Research & Commentary: Regulation of Online Gambling
The debate over the expansion of online gambling in the states continues to move forward while Congress considers the Restoration of America’s Wire Act, which would reverse a 2011 interpretation by the U.S.
The debate over the expansion of online gambling in the states continues to move forward while Congress considers the Restoration of America’s Wire Act, which would reverse a 2011 interpretation by the U.S. Department of Justice that ruled section 1084 of the Wire Act of 1961 applied only to sports betting. That gave states the opportunity to legalize certain forms of online gambling such as online poker. Delaware, Nevada, and New Jersey enacted legislation legalizing online gambling, and several other states, including California, Colorado, and Illinois, also have been considering legalization.
Opponents of online gambling say the prohibition protects vulnerable members of society (the poor, elderly, and youth). They also say legalization would hurt brick-and-mortar casinos and state-run lotteries.
Proponents of allowing states to legalize online gambling argue the Restoration of America’s Wire Act would undercut states’ autonomy. A letter from the National Conference of State Legislatures (NCSL) argues, “States have proven that they are effective regulators of the gambling industry and the proponents of this legislation fail to make a case that we have been negligent in our responsibilities to the industry and consumers. This attempt to enact a wholesale prohibition of online gambling with the Restoration of America’s Wire Act is merely a solution seeking a problem.”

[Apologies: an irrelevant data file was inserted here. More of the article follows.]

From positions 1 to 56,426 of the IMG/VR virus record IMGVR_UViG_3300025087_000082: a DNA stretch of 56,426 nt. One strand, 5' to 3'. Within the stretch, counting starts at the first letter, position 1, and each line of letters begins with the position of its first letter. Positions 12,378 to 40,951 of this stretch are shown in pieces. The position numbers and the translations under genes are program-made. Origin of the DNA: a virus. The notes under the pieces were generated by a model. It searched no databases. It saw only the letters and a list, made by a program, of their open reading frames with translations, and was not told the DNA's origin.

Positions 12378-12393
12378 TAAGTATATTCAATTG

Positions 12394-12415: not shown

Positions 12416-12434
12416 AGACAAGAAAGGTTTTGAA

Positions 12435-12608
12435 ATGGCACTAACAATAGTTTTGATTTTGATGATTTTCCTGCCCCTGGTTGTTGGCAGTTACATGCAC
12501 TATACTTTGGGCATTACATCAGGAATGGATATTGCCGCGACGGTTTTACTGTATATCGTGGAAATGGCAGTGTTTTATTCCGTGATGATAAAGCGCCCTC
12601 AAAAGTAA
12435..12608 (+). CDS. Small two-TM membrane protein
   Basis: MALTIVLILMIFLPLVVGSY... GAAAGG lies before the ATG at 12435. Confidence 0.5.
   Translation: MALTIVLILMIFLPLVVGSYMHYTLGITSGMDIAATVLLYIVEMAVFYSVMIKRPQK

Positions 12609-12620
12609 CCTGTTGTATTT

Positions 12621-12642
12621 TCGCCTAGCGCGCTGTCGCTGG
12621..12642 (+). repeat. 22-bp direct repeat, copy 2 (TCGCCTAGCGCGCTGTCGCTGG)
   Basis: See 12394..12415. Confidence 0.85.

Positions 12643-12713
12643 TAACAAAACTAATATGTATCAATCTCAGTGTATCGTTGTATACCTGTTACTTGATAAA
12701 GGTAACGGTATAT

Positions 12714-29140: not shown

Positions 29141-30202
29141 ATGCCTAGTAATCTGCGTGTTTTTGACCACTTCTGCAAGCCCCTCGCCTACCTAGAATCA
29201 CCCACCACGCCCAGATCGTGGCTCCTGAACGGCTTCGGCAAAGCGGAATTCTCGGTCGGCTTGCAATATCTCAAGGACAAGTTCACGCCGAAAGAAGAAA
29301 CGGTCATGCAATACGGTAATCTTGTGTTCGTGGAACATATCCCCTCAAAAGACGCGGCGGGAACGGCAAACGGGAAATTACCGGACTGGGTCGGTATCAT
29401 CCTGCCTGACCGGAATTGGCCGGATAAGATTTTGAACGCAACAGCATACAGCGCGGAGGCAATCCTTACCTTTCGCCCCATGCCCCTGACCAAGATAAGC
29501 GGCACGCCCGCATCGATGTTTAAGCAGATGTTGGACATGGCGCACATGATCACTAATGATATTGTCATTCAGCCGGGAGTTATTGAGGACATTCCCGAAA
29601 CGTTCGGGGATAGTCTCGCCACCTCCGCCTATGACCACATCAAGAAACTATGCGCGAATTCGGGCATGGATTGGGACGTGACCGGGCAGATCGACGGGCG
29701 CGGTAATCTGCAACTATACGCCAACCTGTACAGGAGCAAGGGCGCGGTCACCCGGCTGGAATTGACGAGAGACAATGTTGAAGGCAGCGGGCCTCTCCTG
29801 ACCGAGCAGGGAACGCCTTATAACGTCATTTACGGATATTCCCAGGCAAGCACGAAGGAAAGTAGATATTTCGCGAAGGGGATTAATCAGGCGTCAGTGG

Those who support allowing states to legalize online gambling also note the prohibition opens the door to black markets. Gambling sites that are unregulated can more easily prey on consumers without any legal recourse available to those who are cheated. The prohibition is extremely expensive and difficult to enforce and has proven to be an exercise in futility. For the most part, the prohibition protects only a select few domestic gambling operators, while causing states to lose out on large potential tax revenues from the industry. Morgan Stanley has estimated global online gambling may be worth $8 billion a year, and some estimates run as high as $30 billion.
Many states already regulate gambling and should be allowed to make their own choice as to whether to allow online gambling. Doing so would bring in considerable tax revenue to the states, increase competition in the domestic gambling industry, and provide consumers with safe and reliable online gambling options.
The following articles examine online gambling regulations from multiple perspectives.
NCSL Letter In Opposition to the Restoration of America’s Wire Act
The National Conference of State Legislatures wrote a letter to federal lawmakers conveying its opposition to the Restoration of America’s Wire Act bill. NCSL outlines why states, not the federal government, should be responsible for deciding how to regulate online gambling.
Online Gambling Tax Could Hit the Jackpot
Policy analyst Eli Lehrer argues social opposition to online gambling legalization is dead, and he says states should begin permitting and regulating the practice. He notes online gambling is already occurring in the United States, as Native American casinos create websites outside of federal jurisdiction. To ensure these and future websites are free from fraud, the federal government should regulate online gambling and collect tax revenues to pay for this service.
“The State of Online Gaming”: Written Testimony of Geoff Freeman